Climate change caused temperatures to soar during the summer this year creating soil conditions that made drought at least 20 times more likely in the Northern Hemisphere, according to a new study.
Analysis revealed greenhouse gas emissions played a key role in the warming, making the summer of 2022 one of the hottest ever recorded in Europe.
The scientists calculated that a drought like this can be expected around once in 20 years in today’s climate, which has been warmed 1.2C by emissions.
The experts said if humans had not warmed the planet the drought in the Northern Hemisphere would only have been expected around once in 400 years or less.
In Europe, this drought would have occurred around once in 60-80 years, they added.
Sonia Seneviratne, professor at the Institute for Atmospheric and Climate Science at ETH Zurich, Switzerland, said: “We need to phase-out the burning of fossil fuels if we want to stabilise climate conditions and avoid a further worsening of these drought events, which will become more frequent and more intense with any additional increase of global warming.”
More than 24,000 heat-related deaths were recorded in the continent this year, while European fires were the worst on record.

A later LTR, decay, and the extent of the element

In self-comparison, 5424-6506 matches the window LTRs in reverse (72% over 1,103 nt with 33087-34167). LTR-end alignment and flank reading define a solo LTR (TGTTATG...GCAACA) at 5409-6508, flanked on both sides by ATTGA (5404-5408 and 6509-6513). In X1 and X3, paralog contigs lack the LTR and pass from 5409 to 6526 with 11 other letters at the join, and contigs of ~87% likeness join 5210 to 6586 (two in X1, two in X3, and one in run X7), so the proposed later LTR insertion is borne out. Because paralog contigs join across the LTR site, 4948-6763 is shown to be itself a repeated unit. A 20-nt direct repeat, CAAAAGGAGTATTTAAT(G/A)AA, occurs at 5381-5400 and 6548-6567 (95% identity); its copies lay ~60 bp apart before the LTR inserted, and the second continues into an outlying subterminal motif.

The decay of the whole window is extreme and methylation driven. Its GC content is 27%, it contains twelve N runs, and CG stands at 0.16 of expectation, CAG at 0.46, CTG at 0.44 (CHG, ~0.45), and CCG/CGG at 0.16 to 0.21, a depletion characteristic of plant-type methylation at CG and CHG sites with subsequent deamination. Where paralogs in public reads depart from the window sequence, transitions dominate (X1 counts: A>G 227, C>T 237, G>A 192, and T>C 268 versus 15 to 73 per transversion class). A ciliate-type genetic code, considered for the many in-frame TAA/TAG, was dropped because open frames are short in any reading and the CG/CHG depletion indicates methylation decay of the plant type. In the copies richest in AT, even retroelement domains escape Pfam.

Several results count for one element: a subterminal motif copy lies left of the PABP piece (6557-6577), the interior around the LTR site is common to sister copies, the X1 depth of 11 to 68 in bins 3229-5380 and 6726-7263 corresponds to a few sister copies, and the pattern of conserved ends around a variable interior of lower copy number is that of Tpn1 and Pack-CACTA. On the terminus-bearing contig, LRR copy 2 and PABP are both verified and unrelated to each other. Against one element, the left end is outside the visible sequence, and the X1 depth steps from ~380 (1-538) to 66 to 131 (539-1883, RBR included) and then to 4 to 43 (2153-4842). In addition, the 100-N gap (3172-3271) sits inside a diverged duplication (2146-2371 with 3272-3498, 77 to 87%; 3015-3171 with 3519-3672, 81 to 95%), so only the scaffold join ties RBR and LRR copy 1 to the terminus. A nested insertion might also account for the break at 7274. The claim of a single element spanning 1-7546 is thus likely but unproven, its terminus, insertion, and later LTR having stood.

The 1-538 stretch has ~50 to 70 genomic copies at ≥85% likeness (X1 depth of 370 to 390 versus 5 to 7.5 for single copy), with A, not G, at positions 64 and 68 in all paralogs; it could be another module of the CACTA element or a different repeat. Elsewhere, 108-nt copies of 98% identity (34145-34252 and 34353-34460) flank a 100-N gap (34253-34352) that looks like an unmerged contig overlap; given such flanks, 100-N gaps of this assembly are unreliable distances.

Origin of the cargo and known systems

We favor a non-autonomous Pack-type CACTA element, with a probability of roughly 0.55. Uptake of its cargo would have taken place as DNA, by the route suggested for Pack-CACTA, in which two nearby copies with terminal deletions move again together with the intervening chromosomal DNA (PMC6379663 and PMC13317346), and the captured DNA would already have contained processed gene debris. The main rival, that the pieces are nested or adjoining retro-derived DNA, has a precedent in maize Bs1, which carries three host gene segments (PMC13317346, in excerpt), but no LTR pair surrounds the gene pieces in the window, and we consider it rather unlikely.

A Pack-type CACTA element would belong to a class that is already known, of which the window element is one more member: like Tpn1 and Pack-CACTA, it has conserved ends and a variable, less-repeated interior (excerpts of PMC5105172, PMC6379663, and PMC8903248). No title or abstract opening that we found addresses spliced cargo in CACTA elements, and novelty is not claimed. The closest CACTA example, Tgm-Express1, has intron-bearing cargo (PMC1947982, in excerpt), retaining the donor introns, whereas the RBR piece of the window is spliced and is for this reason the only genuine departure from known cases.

The resulting drought led to widespread water shortages and crop failures with impacts on electricity supply.
Friederike Otto, senior lecturer in climate science at the Grantham Institute – climate change and the environment, Imperial College London, said: “In Europe, drought conditions led to reduced harvests.
“This was particularly worrying as it followed a climate change fuelled heatwave in South Asia that also destroyed crops and happened at a time when global food prices were already extremely high due to the war in Ukraine.”
An international team of climate scientists from the World Weather Attribution group analysed soil moisture levels in June, July and August 2022, across a large part of the Northern Hemisphere.
They focused on the moisture levels for the top 7cm of soil, to measure surface drought, as well as for the top 100cm.
The top 100cm, known as the root zone, is important for crops as it is where plants extract water.
Soil moisture dryness in this region of the soil is often referred to as agricultural and ecological drought.
The scientists also analysed weather data and computer simulations to compare the climate as it is today with the climate of 1800s.
Based on the findings, the experts estimate human-induced climate change made the surface drought at least five times more likely and the agricultural and ecological drought at least 20 times more likely.
In Europe, the researchers said warming made surface drought about five to six times more likely and agricultural and ecological drought about three to four times more likely.